After months of deliberation and planning one morning in March 2015, I took the plunge and entered the world of ceramic. As I walked on the plush grounds of Sanskriti Kala Kendra I had no idea what this new world had in store for me. I met my teacher (now friend), Aniruddh, an incredible artist from Bharat Bhawan, Bhopal, who had joined Sanskriti’s Pottery Center as an instructor. The first task he gave me was to wedge a handful of clay and then to make whatever I wished with it. As I shaped and coiled and made slabs of my clay, I was reminded of the childhood days when we played with play-dough. It was a good experience indeed, but only when I sat at the wheel and put that lump of clay on the centre did I realize the world of clay that awaited me. The first feel of clay in my hands on a speeding wheel, me trying to tame it, pulling it and then centering it—all this is etched in my memory for it gave me an insight into a potter’s life. “Ye mat samjho ki tum clay ko centre kar rahi ho, balki dhyan rakho ki ye clay tumko centre kar rahi hai (Don’t think you are centering the clay. In fact, it is the clay that is centering you.)”, said Aniruddh as he helped me. So true this is, for the clay to be centred, the body, the mind, the breath, the entire focus has to be aligned with each other. This was the first and the most important of the several lessons I learnt.
The world of ceramic is very different from the world of painting. I have been painting for many years now. Most of my works generally take shape in my thoughts and then ideas get formed and firmed sometimes in a sketchbook and sometimes straight on a canvas. Layers upon layers and several iterations later, the work finally gets ready. I do not consider it complete until I feel satisfied, and until such time, it stays on the easel. Should an idea come up while the work is in progress, the entire work is capable of being altered. Whenever my students feel afraid to try something new I tell them, “go ahead, try it, it’s just a painting, not life. If you don’t like it, paint over it and start afresh.” However, there is no such luck in any ceramic work. This was the second lesson I learnt.
While centering the clay or throwing* our pots and plates on a wheel is a challenge, it can still be mastered. It is a skill that needs to be acquired, practised and then mastered. Daily throwing and then destroying all that we made was how the first few days on the wheel went. The real challenge is not even ideating what to make or glazing it after it has been bisque** fired. The real challenge is much deeper and much harder. It is to let go of all attachment, all ego and disappointment.
|Sculptures by Shubhra Chaturvedi|
Contrast this with the world of painting where the desired outcome can be controlled and or worked around in case things do not go the planned way. In the realm of the clay world, if something goes wrong, it needs to be destroyed and abandoned and fresh work needs to be done. Not only this, once a painting is finished, it can be packed and stored or hung on a wall. A work in ceramic or stoneware as it is also called, needs to be handled with utmost care all its life, while storing, while exhibiting, while transporting and even when it is bought/sold, with the new owner.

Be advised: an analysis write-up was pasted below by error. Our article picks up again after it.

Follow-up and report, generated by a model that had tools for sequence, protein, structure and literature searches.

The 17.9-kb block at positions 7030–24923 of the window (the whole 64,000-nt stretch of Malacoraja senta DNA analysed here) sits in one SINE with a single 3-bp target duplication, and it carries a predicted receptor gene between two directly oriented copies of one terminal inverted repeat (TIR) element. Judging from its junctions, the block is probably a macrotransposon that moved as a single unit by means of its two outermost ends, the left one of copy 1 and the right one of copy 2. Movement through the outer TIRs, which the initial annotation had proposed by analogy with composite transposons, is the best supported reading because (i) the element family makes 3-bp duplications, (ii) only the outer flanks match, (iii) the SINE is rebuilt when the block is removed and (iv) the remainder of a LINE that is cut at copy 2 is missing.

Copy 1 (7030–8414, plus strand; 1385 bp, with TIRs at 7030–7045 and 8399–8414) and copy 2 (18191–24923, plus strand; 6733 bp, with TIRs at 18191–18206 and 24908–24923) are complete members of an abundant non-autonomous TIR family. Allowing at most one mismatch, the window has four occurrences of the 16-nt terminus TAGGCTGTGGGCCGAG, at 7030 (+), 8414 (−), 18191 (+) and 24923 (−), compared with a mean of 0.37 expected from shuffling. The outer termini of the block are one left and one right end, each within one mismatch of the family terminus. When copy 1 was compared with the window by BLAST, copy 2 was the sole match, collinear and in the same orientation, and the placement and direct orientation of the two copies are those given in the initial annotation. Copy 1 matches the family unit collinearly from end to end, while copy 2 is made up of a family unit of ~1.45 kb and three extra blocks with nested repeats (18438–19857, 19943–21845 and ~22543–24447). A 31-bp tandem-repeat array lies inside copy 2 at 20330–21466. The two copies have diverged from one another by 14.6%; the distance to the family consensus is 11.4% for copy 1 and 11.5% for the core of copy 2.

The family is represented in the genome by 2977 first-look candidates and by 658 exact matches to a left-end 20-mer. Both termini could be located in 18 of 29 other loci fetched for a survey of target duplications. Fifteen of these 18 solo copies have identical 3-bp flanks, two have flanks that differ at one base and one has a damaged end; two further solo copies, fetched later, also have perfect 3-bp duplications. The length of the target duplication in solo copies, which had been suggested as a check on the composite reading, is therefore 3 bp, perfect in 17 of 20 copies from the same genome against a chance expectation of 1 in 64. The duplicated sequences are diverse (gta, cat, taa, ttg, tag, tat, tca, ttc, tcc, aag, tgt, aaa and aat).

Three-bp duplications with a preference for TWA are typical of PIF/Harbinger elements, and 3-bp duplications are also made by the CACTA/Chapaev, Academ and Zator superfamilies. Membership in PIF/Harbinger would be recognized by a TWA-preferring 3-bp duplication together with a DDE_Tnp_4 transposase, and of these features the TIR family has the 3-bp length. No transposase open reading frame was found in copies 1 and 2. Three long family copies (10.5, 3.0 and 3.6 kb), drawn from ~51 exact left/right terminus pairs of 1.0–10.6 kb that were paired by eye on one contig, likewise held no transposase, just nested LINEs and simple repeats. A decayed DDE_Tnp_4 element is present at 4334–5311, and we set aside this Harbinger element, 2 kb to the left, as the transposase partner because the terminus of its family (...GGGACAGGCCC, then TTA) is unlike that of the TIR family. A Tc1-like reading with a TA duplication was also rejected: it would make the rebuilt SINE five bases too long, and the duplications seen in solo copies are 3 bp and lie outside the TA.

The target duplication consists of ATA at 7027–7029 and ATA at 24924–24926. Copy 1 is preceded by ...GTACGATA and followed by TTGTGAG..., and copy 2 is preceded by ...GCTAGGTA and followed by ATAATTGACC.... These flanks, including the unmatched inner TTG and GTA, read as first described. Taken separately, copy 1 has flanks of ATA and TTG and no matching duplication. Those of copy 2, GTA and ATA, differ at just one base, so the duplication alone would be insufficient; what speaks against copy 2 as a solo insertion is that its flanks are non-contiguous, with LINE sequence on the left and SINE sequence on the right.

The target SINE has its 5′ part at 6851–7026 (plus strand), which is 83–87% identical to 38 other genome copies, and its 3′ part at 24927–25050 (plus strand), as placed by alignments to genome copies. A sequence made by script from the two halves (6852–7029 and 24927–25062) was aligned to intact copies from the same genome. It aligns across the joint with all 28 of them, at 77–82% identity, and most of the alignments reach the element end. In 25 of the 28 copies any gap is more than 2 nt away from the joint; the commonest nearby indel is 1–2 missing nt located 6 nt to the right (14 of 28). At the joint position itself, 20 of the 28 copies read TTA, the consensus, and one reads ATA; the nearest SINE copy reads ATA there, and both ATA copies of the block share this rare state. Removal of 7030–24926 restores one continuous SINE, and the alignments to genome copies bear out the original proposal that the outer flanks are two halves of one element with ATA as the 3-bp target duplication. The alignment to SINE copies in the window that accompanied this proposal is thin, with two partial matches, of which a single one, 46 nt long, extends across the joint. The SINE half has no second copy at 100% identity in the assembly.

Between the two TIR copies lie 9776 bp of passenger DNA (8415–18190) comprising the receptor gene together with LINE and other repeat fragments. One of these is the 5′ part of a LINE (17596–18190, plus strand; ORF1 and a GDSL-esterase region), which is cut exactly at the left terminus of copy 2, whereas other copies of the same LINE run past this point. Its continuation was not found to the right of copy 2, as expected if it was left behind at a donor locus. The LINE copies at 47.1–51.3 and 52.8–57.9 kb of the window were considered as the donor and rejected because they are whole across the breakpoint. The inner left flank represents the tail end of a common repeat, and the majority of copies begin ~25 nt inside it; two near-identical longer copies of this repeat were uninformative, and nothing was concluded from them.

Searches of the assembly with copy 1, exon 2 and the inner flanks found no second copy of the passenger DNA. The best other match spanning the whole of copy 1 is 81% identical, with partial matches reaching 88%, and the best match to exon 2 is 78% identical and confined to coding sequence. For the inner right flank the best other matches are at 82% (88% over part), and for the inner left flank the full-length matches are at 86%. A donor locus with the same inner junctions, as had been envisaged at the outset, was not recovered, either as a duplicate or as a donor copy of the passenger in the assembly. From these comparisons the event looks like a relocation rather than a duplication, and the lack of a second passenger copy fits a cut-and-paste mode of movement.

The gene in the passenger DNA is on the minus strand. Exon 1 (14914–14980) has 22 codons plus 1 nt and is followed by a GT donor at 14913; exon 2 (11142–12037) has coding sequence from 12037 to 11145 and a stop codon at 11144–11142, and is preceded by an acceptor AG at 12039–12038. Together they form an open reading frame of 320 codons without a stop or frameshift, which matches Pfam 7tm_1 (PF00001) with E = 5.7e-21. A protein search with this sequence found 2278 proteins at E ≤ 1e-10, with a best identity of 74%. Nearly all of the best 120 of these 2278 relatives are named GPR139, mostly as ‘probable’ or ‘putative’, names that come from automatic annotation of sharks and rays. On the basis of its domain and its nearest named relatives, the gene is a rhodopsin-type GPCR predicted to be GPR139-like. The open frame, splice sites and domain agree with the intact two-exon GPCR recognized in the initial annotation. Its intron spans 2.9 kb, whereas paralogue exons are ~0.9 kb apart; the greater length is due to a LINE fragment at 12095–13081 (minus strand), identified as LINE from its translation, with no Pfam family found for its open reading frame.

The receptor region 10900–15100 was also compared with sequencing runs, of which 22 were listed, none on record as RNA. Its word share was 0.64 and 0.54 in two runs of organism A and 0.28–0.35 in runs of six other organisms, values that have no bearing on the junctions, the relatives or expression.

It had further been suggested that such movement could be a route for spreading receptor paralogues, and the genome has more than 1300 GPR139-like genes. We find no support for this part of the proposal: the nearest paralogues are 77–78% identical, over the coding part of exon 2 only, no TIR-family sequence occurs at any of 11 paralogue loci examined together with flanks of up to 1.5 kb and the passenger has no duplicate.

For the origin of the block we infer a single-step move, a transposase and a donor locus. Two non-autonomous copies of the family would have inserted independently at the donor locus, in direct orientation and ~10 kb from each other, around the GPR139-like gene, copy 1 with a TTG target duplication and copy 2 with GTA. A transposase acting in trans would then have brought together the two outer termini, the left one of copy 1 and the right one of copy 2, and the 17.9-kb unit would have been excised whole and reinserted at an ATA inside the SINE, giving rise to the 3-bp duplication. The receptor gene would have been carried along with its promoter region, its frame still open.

So if there is so much risk, pain, uncertainty in working with clay, why do we work in clay? Why are there so many ceramic artists, why are the potters in the village churning out earthenware like matkas, kulhads, surahi, gamla (crock, ewer, cups, planters)etc? I don’t have the answer for all, but for myself and a few I know, working with clay means being connected with the earth. Moulding the clay, shaping the clay to me means shaping a part of me and my world. Looking at the cracks in pots and plates enables me to accept the fragility of art and of life. It also gives me confidence that I can do it again. To break the work if it has got spoilt is the most devastating and yet the most grounding experience an artist, especially a beginner, can go through. On the other hand, the surprise that the kiln offers each time is the biggest joy. To hold in hand a work that sometime back was shaped on a wheel or by hand gives a high that no other intoxication can replace.
Working in clay always reminds me of Harindranath Chattopadhyay’s lines in his poem Shaper and Shaped …
|Bowls by Shubhra Chaturvedi|
In days gone by I used to be
A potter who would feel
His fingers mould the yielding clay
To patterns on his wheel;
But now, through wisdom lately-won,
That pride has died away:
I have ceased to be the potter
And have learned to be the clay.
Inspired by these words and my own experiences in my studios, my aim is, to cease to be the painter/potter and learn to be the paint/clay...
#12, September 10, 2020
* Throwing: The process when the clay on the wheel is given shape into the desired form
** Bisque firining: A low temperature firing is done prior to final firing to harden the work and enable glazing
#MyThursdayThing will be published every Thursday, on my blog https://shubhrathoughts.blogspot.com/ and shared on my social media handles.